• "The VIP users found it especially useful to automatically produce analysis reports following each analysis. It saved time for the designers by avoiding composing such reports, hence enabling them to focus on more design related tasks"; Source B. "The time saved automatically producing reports was in the region of hours for each report created"; Source B. MARIN would typically create over 1000 reports each year resulting in a minimum annual saving of 2000 hours effort.

Improved working practice: the platform provided data and process integration that saved manual effort and ensured data consistency and integrity as reported by HSVA and MARIN:

  • "The VIP facilitated the improvement of legacy tools as a direct result of integrating the tool into the platform, which shows that the VIP can also be used for testing CFD/design tools being developed. The tools were expanded to include more interoperability options for input and output formats, in some cases for more adherence to a common data format. The VIP provided automation that eliminated the need for the user to manually input certain values"; Source C.
  • "The VIP guaranteed data consistency across resistance, manoeuvring, and sea keeping calculation of the hull. Moreover, by storing the correct configuration of the tools used in this project in the platform, errors caused by human carelessness were eliminated"; Source B. "The likelihood of inconsistent data is very low due to project management practices, however the consequence is significant and can cost in the region €100k, easily outnumbering the costs of investing within such a platform"; Source B.

Enhanced knowledge reuse: HSVA has reported that through use of the VIP valuable specialist designer time is released to focus on more value-added activities:

  • "By saving and reusing configuration files, the "know how" knowledge of expertise was captured and reused by non-specialist users. The VIP enabled error free enactment for non-specialist users to enact a process that previously could only be done by specialists"; Source C.
  • "The specialist's expertise is only required at the end for a final evaluation to approve the outputs, and to provide assistance in resolving unusual results; this frees up the specialist to focus on suitable and meaningful work"; Source C.

Wider adoption: The successes and advances that have been achieved through these projects led to the creation of the EU FP7 funded EuroVIP project which uses the VIP to exploit new developments, by partnering and collaboration throughout the European maritime sector. The focus is to broaden the reach of implementation for the VIP and promote collaboration which has now resulted in 64 European wide registered users including seven associations, the latter providing a conduit to over 1500 companies across Europe. The University of Strathclyde is also currently in discussion with Astrium Space Transportation (Source D) who have identified the VIP as being a promising technology for the Next Generation Launcher, demonstrating the generic applicability of the platform. A preliminary technology plan is being prepared to allow Astrium to lobby their partners in the adoption of the VIP, and open up implementation within an equally challenging sector.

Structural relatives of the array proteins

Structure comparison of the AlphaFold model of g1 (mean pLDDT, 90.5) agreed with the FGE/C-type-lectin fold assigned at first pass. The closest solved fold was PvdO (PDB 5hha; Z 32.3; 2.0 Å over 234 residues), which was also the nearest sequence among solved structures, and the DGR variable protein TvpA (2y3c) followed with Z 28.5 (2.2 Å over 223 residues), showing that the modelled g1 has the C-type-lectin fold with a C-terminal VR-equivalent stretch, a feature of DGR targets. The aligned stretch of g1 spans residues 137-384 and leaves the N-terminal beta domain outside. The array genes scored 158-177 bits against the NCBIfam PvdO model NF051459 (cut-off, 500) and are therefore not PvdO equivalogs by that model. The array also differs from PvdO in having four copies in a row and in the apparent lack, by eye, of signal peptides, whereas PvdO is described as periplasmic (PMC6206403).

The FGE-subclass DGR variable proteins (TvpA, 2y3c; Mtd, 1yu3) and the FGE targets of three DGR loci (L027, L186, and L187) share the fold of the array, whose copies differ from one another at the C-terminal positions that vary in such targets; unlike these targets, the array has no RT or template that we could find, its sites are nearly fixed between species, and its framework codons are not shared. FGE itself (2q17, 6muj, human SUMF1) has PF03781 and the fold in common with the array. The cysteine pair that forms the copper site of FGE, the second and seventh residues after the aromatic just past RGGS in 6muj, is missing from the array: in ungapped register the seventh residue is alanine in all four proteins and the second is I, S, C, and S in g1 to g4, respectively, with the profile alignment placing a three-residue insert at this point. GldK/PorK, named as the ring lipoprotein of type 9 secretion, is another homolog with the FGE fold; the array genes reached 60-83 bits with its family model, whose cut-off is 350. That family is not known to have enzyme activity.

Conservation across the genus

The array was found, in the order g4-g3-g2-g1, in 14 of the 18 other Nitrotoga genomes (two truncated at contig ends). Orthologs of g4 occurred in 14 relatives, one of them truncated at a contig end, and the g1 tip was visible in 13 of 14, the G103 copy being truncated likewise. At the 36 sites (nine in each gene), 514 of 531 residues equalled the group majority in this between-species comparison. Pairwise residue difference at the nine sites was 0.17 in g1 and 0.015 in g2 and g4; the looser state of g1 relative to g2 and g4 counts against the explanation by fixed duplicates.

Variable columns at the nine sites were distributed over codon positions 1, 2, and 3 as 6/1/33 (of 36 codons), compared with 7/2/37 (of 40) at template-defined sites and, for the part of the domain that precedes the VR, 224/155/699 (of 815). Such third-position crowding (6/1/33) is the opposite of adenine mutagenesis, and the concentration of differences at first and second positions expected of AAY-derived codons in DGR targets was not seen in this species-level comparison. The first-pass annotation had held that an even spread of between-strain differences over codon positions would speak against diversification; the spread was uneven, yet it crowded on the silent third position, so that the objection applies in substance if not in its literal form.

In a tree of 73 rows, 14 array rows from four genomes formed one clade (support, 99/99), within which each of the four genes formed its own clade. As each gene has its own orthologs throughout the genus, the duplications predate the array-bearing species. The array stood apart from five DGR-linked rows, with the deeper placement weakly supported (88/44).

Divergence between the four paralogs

Sources to corroborate the impact

A. Statement from Professor of Fluid Mechanics, Vrije Universiteit Brussel.

B. Statement from Research and Development Manager, Maritime Research Institute Netherlands.

C. Statement from CFD Specialist, HSVA Hamburgische Schiffbau-Versuchsanstalt GmbH.

D. Head of Operations for R&T Academic Partnerships TS1 can be contacted to provide evidence

E. Document: S. Szykman, S.J. Fenves, W. Keirouz, S.B. Shooter, "A foundation for interoperability in next-generation product development systems", Computer-Aided Design, 33 (2001), 545-559.

F. Document: W. Gielingh, "An assessment of the current state of product data technologies", Computer-Aided Design, 40 (2008), 750-759.

G: Document: Henning, Michi (30 June 2006). "The rise and fall of CORBA", ACM Queue (Association for Computing Machinery) 4 (5).